- [sighs] I'm sorry
that I yelled at you, Mom.

I just feel awful
about that dog.

- I know.
- Will you help me think

of something nice to do
for the family?

- Of course I will.

- I'm Maddie.
Sorry about that.

I'm just a total cunt
when I'm hungry.

- Oh, God.
- Oh, no.

It's all good.

- All right, I'm leaving.
- All right.


- Hey.

- Can I come with you
to your next appointment?

- Sure.
- All right.

narrator: Marcus had already

called in sick to work
that day.

And as perverse as it was,

there was only one person
he wanted to see.

it didn't take much convincing

to get her
to play hooky as well.

- Hey, there he is.

- Hey, Mia.

- Hey, sorry I'm late.
Holy shit, I always forget

how beautiful Central Park is.
- Oh, yeah, no.

It's crazy that it's even here.

- It's insane.
- Yeah.

- It's like a bit of
a normcore choice for you,

but I love it.
- [chuckles]

- Anyway, how are you?
What's up?

- Um...

I'm having a baby.

- What?
- Yeah.

- With who?

- Uh, with a woman
that lives on the tenth floor

of that building right there.

- Wow.

Is she rich?

- It's I--
y-yes, yeah.

- Uh...

are you--

I mean, look, we're not--
I mean, we're not--

we're not together or anything.

We never really were.

- Okay.
- Yeah.

- I mean, you seem like a guy
who wears at least two condoms.

- Well, actually,
wearing two condoms

puts the user at greater risk
for malfunctions.

- Yeah, uh-huh, yeah.
No, I know that.

- See,
that's what I'm talking about.

I can't believe it.

- You know, me neither.

- Are you doing okay?

- I'm coming around.

I guess.
I mean, it's fucking messy,


I guess I've decided
that that's okay?

- I gotta say,
I really appreciate

your blasé approach
to fatherhood.

- Oh, come on, man.
- [laughs]

You know,
I have never seen anybody

get down
on a New York street knish,

like, harder than you.

- Oh, but--but um,

a hot dog is like--
that's Michelin star cuisine.

- Yeah, this is iconic.
This is--

I'm a New York City icon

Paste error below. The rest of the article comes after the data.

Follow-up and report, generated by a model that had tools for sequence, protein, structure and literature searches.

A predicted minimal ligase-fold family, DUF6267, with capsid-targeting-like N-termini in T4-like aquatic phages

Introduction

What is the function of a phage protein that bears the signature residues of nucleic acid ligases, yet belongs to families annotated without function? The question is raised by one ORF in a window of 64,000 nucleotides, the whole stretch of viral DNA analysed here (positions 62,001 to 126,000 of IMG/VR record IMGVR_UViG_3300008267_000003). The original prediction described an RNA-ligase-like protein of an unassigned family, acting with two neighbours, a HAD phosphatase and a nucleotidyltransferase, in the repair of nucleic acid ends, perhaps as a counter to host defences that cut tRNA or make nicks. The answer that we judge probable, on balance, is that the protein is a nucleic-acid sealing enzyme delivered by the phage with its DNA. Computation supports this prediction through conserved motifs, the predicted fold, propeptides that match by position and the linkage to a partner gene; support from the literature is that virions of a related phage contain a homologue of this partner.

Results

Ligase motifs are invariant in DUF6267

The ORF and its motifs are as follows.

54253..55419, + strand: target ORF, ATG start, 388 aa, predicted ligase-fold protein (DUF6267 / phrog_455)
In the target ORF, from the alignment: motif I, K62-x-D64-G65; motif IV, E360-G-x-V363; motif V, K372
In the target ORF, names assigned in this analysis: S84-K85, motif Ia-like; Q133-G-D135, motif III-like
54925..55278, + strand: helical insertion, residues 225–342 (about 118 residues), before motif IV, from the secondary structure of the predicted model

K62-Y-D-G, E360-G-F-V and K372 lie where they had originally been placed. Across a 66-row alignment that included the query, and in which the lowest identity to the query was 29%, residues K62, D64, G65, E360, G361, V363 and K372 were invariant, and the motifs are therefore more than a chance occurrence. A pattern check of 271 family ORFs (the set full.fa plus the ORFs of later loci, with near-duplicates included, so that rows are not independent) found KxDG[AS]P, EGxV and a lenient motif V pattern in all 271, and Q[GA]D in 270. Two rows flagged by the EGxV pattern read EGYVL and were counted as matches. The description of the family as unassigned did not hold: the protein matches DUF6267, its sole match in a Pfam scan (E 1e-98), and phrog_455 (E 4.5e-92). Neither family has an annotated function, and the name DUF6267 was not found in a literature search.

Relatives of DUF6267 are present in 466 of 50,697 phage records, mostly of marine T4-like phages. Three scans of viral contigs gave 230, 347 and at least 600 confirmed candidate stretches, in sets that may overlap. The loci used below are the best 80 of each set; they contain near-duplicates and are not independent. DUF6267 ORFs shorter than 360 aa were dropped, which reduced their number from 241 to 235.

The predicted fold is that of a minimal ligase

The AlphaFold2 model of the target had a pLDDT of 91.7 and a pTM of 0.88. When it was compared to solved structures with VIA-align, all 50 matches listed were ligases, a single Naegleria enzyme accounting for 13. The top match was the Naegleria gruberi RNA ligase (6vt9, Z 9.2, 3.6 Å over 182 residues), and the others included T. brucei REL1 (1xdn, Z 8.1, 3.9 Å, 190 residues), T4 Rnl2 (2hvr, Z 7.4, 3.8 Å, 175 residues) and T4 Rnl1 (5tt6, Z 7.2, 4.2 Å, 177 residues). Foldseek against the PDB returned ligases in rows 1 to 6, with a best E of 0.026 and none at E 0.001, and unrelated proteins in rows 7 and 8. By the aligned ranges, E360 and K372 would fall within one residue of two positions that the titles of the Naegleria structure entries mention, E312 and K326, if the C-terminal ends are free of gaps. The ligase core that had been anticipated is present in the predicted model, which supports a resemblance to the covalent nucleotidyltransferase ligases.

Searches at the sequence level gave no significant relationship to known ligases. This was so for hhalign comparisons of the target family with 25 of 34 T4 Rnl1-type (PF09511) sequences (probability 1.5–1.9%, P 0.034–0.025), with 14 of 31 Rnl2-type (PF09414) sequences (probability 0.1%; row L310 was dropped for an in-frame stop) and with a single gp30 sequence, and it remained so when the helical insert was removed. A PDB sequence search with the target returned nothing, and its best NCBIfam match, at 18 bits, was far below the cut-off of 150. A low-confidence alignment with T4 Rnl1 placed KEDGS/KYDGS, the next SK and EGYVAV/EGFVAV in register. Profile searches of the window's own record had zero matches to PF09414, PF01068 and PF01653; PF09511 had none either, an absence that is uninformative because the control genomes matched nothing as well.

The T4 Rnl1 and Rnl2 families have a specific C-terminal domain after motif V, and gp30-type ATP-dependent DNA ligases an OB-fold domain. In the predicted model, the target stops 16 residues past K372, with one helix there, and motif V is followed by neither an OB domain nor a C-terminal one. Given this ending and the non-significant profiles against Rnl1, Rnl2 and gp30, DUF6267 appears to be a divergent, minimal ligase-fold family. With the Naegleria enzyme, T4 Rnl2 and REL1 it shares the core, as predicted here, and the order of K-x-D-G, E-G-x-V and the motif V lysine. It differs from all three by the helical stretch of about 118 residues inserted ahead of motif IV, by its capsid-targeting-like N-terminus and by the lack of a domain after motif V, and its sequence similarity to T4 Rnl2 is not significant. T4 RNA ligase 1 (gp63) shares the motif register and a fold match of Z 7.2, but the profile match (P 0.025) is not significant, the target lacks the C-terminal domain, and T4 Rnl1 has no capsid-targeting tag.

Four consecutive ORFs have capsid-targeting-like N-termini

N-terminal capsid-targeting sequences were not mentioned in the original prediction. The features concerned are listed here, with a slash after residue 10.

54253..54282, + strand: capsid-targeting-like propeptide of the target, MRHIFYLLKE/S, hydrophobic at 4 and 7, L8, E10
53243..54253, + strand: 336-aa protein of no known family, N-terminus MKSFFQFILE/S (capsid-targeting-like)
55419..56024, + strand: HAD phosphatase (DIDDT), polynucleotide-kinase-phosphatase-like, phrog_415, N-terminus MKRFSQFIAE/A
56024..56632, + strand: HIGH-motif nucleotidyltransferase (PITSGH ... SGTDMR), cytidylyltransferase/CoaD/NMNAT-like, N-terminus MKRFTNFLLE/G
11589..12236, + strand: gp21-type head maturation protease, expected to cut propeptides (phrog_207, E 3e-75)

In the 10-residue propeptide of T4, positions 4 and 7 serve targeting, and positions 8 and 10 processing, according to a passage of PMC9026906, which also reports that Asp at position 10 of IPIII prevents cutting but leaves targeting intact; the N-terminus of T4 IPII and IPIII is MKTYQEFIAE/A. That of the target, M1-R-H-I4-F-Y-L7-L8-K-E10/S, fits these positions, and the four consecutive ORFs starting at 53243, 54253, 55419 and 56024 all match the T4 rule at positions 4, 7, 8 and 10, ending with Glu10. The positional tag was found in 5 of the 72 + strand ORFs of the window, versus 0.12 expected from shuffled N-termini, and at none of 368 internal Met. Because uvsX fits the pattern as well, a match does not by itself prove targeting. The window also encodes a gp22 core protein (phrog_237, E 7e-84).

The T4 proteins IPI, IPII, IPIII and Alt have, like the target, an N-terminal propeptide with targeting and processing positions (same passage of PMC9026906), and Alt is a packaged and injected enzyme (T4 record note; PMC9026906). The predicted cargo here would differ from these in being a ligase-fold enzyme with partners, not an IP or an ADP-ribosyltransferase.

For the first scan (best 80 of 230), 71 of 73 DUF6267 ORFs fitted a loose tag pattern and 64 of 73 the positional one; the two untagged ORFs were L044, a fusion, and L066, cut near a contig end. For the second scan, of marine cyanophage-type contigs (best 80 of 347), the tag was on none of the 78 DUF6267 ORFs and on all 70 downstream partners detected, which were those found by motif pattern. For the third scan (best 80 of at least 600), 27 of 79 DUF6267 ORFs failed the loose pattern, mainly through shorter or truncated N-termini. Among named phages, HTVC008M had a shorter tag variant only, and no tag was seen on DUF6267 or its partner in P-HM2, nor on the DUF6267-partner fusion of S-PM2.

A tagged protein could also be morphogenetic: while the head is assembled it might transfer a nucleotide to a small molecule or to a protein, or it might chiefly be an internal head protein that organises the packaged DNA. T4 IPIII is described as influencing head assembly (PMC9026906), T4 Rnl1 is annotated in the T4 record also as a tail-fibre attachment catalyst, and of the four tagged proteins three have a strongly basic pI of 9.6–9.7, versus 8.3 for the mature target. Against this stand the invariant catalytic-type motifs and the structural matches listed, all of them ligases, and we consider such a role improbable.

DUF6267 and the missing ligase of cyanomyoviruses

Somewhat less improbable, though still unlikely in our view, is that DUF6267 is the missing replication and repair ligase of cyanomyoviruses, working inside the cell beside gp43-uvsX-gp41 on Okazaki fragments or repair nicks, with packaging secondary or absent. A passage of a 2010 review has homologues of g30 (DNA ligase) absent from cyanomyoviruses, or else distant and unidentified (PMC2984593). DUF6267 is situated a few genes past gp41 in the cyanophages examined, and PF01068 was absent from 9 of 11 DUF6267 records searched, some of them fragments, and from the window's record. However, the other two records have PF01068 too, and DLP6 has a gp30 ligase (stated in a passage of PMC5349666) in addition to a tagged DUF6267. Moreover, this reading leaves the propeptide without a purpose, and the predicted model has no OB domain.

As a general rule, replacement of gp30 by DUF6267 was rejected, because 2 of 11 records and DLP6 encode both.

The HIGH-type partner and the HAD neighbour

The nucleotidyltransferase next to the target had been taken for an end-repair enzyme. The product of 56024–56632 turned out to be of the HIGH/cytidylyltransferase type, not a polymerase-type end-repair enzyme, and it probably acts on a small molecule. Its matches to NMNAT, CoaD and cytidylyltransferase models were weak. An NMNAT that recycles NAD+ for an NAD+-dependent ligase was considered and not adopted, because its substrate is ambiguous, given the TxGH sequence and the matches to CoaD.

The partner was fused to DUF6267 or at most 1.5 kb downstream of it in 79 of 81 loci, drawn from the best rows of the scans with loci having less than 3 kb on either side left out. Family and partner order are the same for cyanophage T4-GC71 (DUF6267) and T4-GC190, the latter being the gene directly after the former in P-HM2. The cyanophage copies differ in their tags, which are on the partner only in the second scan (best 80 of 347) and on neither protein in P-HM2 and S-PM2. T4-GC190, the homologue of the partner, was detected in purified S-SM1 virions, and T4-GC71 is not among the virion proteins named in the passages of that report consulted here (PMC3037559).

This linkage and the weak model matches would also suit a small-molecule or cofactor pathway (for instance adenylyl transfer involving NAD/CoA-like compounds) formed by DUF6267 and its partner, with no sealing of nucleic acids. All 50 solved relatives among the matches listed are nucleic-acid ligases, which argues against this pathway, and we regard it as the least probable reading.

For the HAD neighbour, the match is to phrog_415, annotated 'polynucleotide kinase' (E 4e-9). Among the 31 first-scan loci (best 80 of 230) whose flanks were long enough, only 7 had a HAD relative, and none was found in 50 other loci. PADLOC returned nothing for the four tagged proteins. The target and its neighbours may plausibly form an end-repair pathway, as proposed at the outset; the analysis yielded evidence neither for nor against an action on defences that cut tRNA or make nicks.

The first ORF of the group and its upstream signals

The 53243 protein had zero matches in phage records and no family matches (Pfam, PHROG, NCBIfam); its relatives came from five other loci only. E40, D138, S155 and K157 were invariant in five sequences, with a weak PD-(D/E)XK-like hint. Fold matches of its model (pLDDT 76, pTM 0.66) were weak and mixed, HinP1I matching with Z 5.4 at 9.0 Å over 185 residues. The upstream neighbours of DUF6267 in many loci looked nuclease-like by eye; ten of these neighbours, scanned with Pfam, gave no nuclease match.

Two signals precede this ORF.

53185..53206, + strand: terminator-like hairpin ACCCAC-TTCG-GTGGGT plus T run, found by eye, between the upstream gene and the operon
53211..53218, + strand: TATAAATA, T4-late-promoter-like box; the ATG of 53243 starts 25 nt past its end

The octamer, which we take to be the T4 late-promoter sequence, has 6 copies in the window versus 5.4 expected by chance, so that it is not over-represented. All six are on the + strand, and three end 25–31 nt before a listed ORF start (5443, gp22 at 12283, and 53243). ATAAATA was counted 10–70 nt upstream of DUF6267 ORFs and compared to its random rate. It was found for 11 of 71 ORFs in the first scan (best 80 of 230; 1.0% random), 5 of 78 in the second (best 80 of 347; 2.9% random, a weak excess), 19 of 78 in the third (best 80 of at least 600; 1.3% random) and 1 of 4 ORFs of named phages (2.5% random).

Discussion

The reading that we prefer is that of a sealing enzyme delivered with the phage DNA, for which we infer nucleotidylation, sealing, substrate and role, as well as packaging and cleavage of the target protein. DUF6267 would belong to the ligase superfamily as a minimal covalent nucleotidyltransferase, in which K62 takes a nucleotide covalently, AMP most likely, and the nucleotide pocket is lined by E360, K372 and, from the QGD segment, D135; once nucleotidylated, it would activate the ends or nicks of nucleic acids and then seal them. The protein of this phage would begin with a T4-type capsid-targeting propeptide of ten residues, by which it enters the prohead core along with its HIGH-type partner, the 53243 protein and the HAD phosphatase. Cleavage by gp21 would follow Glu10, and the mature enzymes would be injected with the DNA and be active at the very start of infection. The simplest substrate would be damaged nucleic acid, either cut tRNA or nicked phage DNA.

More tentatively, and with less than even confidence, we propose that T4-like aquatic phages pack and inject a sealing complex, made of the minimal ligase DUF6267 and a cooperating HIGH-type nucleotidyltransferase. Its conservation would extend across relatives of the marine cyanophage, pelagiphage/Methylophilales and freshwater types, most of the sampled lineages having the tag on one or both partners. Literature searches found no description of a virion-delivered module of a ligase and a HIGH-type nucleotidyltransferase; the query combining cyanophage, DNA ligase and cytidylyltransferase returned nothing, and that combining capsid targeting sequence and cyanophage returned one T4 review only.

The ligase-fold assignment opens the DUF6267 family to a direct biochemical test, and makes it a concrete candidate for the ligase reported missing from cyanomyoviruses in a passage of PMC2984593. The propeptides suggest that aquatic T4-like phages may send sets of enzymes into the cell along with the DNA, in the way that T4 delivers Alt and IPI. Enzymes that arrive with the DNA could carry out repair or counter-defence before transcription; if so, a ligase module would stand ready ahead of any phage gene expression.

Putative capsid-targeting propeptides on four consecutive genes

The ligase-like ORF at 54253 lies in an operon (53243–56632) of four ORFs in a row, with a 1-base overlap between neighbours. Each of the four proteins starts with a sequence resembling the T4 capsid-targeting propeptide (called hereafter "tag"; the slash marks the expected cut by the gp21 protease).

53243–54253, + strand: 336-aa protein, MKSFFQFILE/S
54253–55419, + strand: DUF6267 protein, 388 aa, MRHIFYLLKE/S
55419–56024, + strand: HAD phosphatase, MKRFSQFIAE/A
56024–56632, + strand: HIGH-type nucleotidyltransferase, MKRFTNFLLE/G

right now.

- No, no.
- Look at me. This is amazing.


do you want kids?

Did you want kids?
- You know, honestly,

I hadn't thought about it.

Emily and I promised
not to bring it up

until after she turned 30,
and then she turned 30 and...

she just kept getting new IUDs.

- And yet you still somehow

managed to impregnate
a white woman.

- Oh, come on.
How do you know she's white?

- Marcus.

She white, Marcus.
- It's--[laughs]

I know.
I know, she white.

- She white, Marcus.

- I know, I just--

I just don't want
to suck at this.

You know?

I just want to show up
in the right way.

- Don't put too much pressure
on yourself, you know?

I mean, look at me,

I grew up
pretty much without a dad,

and I have, like,
no issues at all,

which is tight.

So what's your plan?

- Oh, God, I mean,

Becca was saying
about moving to Connecticut

or upstate.
- Wait, you would move?


Uh, sorry, I'm just, like--

I'm, like, freaking out
a little bit.

- Wait, you're freaking out?
- Yeah.

- I'm the one
who's having the baby.

- I know, I just--

it's--it's a lot.

- Yeah.
- Wow.

- Yeah.
- [laughs]

You know, um,

for a while there,
I thought you were ghosting me.

- I was.
- [scoffs]

- Oh, it was--
it was for your own good.

- Whatever.
- Trust me.

- No, I have my own shit
going on anyway.

- Oh.

Yeah, yeah, I got that text.

- Oh, do you mean the text
that you didn't respond to?

Was it that text?
- Oh, are you pissed at me?

- No.

I shouldn't have
sent you that anyway.

You don't need a play-by-play
of my love life.

That's insane.

- Well, if it makes you
feel any better,

I do like knowing
when you dump somebody.

- I don't know, I just--

I'm done dating guys
that are all over the place.

- Oh, you finally hit a wall,

- No, I mean, me and this dude,
we're just different.


That's sort of my thing.
- You don't say.

- Hey, you have to at least
give me credit...

- [laughs]
- For recognizing the pattern.

You know that, right?
That's like,

an essential step to growth.

- Well, I don't know,
maybe you should

date someone more like you.

- Oh, what,
and actually have it

maybe work out for once?


hard pass.

- Ooh.
- Oh, sh--

- Oh, God.

What is--
- Are we in "The Notebook"?

This is insane.
- What the fuck?

And out of nowhere.
- [laughs]

- Hey, come on.

- [laughs]

- [shivers]

Uh, all right.

All right, how much is that?
- $10.

- All right.
- [winces]

- What's up?
- Damn.

No, I--nothing.
I wasn't expecting

to do, like, six laps around
Central Park.

- [laughs] Um...

What--what size shoe are you?

- Uh, I am an 11 in women's
but men's 9.

- Okay, men's 9, okay.


Oh, snap.
Look at that.

- Wow.
- Yeah.

- Great.
Hey, but, you do know

it's bad luck
to buy somebody shoes, right?

- What?
- No, seriously.

They say
if you buy somebody shoes,

they'll just get up
and walk out of your life.

- Okay, now I know
you're making shit up.

[bell tolling]

Let's go!
- Oh, my God.

Wait, wait, wait, wait.

Oh, are you skipping stairs?

- Yup.
- Ah, these shoes hurt.

- [laughs]